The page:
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date: 19 July 2019

Abstract and Keywords

The primary goal of this chapter is to contribute to the growing literature on the role that language may (or may not) play in the academic performance of African American students who are speakers of African American English (AAE) by advancing understanding of the mechanisms by which language affects academic achievement. We identify specific structural features of AAE, whose divergences from Standard Classroom English (SCE), we contend, pose problems by creating a significant additional cognitive load for young AAE speakers who are taught and tested in SCE. Specifically, we use a Bayesian Markov Chain Monte Carlo model to explore the hypothesis that the morphosyntactic organization of AAE has significant, variable effects on second grade African American students’ performance on the Woodcock-Johnson-R Test of Applied Problems. Our model predicts that the average student in this group would answer 9 percent more questions correctly if the issue of linguistic interference were removed.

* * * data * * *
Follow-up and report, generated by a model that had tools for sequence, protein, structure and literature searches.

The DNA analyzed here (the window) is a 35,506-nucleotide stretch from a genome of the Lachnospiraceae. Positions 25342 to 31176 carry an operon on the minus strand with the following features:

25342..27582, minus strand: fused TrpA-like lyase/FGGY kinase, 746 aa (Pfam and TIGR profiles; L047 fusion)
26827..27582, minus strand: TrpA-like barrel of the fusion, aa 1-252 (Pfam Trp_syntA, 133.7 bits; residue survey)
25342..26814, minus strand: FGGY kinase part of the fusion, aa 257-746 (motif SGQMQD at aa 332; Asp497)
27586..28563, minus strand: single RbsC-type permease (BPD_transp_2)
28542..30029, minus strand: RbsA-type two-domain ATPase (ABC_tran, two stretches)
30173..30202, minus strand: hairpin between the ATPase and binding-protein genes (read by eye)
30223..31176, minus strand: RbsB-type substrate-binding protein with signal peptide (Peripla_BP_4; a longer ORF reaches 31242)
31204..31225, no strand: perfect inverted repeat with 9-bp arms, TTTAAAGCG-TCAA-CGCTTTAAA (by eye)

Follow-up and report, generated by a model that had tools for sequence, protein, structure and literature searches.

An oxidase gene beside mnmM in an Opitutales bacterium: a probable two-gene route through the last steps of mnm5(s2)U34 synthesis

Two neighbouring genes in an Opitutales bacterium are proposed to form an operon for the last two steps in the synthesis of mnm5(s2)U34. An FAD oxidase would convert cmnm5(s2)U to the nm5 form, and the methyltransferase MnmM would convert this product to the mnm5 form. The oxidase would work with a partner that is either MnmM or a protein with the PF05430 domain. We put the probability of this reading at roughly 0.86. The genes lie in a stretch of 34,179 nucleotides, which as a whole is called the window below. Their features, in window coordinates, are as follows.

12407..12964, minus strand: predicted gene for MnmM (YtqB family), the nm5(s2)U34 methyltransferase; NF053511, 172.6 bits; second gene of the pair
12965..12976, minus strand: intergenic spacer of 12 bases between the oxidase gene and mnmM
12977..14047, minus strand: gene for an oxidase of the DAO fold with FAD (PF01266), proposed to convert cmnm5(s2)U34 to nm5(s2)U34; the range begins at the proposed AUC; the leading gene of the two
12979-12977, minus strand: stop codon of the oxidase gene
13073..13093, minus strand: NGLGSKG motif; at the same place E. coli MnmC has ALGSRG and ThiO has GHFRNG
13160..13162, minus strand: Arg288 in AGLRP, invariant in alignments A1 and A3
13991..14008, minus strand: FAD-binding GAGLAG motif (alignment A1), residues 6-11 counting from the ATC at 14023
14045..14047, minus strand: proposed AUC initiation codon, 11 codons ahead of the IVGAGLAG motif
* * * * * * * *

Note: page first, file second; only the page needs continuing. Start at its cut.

Keywords: African American English (AAE), Standard Classroom English (SCE), academic achievement, academic performance, Woodcock-Johnson-R Test of Applied Problems, Bayesian Markov Chain Monte Carlo model

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